Dyscalculia More Prevalent Than Dyslexia - A Report

A new study has claimed that dyscalculia, a disorder that renders people Numbers Scare Kids More Than Wordsunable to understand arithmetic or numbers is more common in kids than dyslexia or ‘word blindness.’

The results are based on the study in which the researchers at University College London analyzed 1,500 school children in Cuba through a simple screening test.

The study authors discovered that while 2.5 and 4.3% of kids suffer from ‘dyslexia’, a higher number - 3 and 6 per cent of kids suffer from its mathematical equivalent ‘dyscalculia.’

Study’s lead author Brian Butterworth, professor of cognitive neuroscience at University College London, said the condition had nothing to do with how a child was taught.

He said that children lacking a proper “sense of numbers” require special education in the same way as dyslexia.

Prof. Butterworth said, “Increasingly, the evidence shows that dyscalculia is just as common as dyslexia and yet it is not recognised nearly as widely by teachers, parents, schools, local authorities or central government.”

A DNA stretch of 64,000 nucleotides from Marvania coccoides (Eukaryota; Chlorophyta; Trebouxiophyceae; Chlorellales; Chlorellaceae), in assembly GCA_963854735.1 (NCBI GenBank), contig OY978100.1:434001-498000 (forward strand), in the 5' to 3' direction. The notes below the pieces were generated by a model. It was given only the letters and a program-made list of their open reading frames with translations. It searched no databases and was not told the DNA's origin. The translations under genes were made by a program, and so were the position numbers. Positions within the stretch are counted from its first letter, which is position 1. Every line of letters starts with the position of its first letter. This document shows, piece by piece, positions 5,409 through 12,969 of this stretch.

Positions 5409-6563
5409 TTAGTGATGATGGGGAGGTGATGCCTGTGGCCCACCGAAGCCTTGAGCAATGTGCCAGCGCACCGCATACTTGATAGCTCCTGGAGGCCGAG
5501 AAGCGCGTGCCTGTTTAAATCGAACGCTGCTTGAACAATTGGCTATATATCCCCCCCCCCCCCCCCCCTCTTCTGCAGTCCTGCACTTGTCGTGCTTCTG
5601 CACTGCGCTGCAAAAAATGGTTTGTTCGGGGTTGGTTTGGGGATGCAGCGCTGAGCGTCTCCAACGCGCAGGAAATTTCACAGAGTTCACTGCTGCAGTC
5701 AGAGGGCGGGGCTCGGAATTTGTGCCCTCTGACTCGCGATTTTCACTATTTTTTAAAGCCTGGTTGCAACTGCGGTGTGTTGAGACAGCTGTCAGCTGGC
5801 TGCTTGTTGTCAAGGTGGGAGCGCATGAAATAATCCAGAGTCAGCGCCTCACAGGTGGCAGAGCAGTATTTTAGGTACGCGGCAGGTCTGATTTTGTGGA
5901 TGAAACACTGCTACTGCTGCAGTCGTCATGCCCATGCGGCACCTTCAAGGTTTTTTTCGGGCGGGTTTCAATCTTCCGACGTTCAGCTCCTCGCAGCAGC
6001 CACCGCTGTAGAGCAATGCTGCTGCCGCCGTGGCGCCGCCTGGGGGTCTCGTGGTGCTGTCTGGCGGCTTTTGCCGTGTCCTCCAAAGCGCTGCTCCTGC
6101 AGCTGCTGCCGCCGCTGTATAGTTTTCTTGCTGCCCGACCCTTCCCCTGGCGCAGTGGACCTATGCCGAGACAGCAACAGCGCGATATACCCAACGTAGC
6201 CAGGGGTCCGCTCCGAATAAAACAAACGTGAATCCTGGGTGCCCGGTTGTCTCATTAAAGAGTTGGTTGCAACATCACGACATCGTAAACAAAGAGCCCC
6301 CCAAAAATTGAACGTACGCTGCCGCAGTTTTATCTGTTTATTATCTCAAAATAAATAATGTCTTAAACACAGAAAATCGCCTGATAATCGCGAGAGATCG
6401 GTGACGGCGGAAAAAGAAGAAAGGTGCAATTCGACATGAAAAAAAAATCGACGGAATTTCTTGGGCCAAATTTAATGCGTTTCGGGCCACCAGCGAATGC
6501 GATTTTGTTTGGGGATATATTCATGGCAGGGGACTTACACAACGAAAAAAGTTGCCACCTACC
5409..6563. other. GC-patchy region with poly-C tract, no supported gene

“Individuals may be unaware they have this condition. If they discover that they do, there are no dyscalculia charities to assist them as there are for dyslexia. The Cubans have recognised this as a real and serious problem for a child’s future. Low numeracy affects life chances in employment and health.”

“Schoolchildren are made very unhappy by it and teachers often feel they are failing these children because they do not know how to help them,” he added.

Now, Prof. Butterworth is conducting studies in the UK in order to develop educational techniques, which will assist children with dyscalculia overcome their problems.

He has also formulated a simple screening system to discover the core disability at the root of dyscalculia, and believes screening should be carried out early in a child's life so specific interventions can be used.

Last month, the government launched a review of the teaching of dyslexic pupils in England's schools.




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